Incorporating Risk Management into the Contact Document

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tunnel construction

Introduction

There are an enormous number of published articles about how to conduct a Risk Workshop and to prepare a Risk Register with the best source of information concerning this topic included in a publication entitled Guidelines for Improved Risk Management (GIRM) by Joe O’Carroll and Bob Goodfellow (SME, 2015). Given below are the goals and objective of the GIRM as reproduced from that publication:

1. GOALS AND OBJECTIVE OF THIS GIRM

1.1 The objective of this Guidelines for Improved Risk Management (GIRM) is to promote and achieve improved practices for the mitigation and management of risks (and to maximize opportunities) associated with the design and construction of tunnels, caverns, shafts, and other underground structures, including the renovation of existing underground structures, referred to hereafter as projects. It sets out guidelines for the identification of risks; their allocation between the parties to a contract and Project Insurers; and the management and control of risks through the use of risk assessments, risk registers, and risk management processes.

1.2 It is a goal of this GIRM to promote systematic risk management as part of the mainstream practice of all projects.

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1.3 The scope of this GIRM applies to the project planning, design, procurement, and construction phases of projects, wherever these may be carried out geographically within the USA.

There is nothing wrong with the Owner, its design representatives and associated Consultants identifying potential risks during the design process, but lately recommendations are being promoted whereby some form of Risk Register should be included as a Contract Document. Although the author of this article is not aware of a tunneling project where that has actually happened, it is the purpose of this paper to point out potential problems with that recommendation and to make a strong argument that the current approach to allocating and managing risks via the Contract Document itself should not be modified. Current and well established contracting practices for tunneling projects were elaborated in a publication entitled Recommended Contract Practices for Underground Projects (SME, 2008) and that publication is based upon decades of experience and the actual outcomes from thousands of projects. In addition, various claims and disputes have resulted in hundreds of DRB opinions and legal rulings that have established precedents for dealing with disagreements that develop between Owners and Contractors for issues that in many ways are unique to the special requirements for constructing below-ground structures. In general, and as described in the Contract Practices document referenced above, the contract package for a tunneling project consists of five parts: the General Conditions, the Plans, the Specifications, the GBR, and the GDR and the author of this paper believes that it would be highly problematic to layer a Risk Register on top of that package. In general, the Contract Package itself is the best method for allocating and managing the risks for any given tunneling project and the primary objective of this paper is to explain how that can and should be accomplished.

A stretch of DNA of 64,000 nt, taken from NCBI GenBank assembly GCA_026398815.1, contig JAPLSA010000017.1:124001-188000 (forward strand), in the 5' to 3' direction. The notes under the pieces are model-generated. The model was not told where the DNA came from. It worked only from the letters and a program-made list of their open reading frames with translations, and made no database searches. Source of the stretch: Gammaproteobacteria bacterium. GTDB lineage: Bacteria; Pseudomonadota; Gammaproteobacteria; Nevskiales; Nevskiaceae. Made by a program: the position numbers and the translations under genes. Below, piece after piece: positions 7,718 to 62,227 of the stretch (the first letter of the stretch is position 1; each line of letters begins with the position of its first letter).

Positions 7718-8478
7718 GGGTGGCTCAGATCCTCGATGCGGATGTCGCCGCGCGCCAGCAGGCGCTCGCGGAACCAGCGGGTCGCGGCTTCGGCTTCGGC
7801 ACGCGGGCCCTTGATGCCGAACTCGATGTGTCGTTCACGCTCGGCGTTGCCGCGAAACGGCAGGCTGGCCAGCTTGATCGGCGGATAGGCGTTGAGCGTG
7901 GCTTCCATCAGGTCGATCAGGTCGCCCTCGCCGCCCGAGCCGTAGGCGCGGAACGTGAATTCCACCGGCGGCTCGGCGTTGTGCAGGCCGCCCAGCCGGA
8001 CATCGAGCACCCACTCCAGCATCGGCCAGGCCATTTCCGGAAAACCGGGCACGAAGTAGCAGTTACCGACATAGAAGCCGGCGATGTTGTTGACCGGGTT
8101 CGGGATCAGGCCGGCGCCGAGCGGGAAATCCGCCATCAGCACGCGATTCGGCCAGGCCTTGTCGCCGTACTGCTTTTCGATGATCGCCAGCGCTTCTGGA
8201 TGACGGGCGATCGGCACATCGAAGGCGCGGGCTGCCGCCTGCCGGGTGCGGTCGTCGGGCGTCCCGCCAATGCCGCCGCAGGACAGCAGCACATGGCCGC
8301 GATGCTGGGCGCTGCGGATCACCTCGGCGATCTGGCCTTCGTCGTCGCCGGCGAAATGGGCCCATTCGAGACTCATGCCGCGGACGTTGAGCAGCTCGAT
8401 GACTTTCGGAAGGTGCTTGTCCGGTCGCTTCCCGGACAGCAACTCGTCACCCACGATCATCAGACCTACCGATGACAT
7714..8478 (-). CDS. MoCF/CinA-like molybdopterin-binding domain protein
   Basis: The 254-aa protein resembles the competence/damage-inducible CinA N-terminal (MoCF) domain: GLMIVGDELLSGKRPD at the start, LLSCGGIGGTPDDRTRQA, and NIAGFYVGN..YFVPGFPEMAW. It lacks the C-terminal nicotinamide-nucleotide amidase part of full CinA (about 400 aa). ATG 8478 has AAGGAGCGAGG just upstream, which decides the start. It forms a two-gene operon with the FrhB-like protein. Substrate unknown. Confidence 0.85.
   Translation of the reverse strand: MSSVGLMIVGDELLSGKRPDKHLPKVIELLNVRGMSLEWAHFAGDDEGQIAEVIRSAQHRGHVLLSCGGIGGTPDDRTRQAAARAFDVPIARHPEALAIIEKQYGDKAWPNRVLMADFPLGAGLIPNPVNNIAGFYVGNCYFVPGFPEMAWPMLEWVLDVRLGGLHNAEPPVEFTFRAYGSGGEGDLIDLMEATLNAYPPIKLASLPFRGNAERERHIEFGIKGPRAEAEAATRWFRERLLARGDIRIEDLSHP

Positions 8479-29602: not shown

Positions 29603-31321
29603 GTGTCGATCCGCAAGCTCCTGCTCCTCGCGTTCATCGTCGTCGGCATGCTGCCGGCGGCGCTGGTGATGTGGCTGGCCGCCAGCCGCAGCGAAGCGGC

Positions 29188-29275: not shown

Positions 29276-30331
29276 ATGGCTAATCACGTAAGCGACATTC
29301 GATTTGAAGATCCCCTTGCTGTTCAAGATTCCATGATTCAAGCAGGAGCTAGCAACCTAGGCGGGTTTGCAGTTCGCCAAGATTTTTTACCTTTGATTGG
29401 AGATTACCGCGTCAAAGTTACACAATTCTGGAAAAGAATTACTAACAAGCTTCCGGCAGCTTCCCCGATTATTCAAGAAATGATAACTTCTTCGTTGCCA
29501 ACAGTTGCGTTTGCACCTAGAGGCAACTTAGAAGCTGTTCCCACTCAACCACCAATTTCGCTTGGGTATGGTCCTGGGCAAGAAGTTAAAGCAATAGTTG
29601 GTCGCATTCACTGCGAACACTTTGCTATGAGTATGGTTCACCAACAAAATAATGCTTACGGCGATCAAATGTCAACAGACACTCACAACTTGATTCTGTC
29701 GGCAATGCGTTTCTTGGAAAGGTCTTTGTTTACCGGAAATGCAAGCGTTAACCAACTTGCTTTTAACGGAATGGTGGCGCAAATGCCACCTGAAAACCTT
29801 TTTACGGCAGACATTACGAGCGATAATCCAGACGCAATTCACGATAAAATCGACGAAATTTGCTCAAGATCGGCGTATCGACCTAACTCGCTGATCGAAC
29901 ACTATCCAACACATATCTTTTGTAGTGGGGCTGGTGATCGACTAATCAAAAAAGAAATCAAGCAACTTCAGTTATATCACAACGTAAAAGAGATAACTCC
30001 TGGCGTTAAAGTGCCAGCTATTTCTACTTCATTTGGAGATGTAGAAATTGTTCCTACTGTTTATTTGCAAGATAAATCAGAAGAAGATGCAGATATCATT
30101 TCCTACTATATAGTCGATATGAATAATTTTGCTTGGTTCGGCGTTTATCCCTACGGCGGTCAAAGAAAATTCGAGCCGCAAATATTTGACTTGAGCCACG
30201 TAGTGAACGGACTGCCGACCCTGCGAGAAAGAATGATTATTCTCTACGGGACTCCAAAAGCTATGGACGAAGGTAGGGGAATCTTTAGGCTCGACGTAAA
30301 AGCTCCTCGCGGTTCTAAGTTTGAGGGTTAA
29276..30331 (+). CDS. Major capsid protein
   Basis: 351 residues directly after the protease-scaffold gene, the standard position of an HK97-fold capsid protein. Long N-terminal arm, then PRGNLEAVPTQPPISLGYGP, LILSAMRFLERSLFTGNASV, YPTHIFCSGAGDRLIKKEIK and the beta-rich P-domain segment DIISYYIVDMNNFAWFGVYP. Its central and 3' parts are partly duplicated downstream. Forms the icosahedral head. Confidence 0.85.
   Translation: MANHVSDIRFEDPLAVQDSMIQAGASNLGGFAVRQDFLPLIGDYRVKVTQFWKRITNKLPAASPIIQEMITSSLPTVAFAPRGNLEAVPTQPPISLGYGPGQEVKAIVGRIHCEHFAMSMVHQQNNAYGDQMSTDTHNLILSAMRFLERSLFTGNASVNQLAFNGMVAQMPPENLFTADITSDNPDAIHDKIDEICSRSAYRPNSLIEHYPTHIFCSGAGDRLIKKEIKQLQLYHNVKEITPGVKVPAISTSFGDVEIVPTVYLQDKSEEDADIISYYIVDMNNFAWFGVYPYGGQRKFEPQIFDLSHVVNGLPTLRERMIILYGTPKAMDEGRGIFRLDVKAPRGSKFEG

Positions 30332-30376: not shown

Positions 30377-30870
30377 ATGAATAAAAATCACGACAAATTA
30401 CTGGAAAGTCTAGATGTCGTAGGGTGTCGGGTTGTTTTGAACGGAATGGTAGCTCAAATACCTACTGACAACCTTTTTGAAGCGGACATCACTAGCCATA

The “Risks” Associated with Tunnel Design

The risk profile for an underground structure is radically different as compared to an above-ground project. For an above-ground project only 10% or so of the building comes into contact with the ground and, more often than not, the local building contractors know as much or more about the ground than does the designer. In addition, about 90% or so of the project consists of producing the finished building as compared to dealing with any of the “temporary” facilities required to produce that building.

Exactly the opposite is true for a tunnel. For a tunneling project literally 100% of the temporary structures come into contact with the ground and a majority of the cost, the schedule, and the risks associated with constructing that project are related to the provision of temporary facilities. In order to build a finished tunnel structure, the Contractor must first create the underground space inside of which the finished facility can be constructed and it is the construction work associated with those temporary facilities that exposes the contractor to most of the major project risks.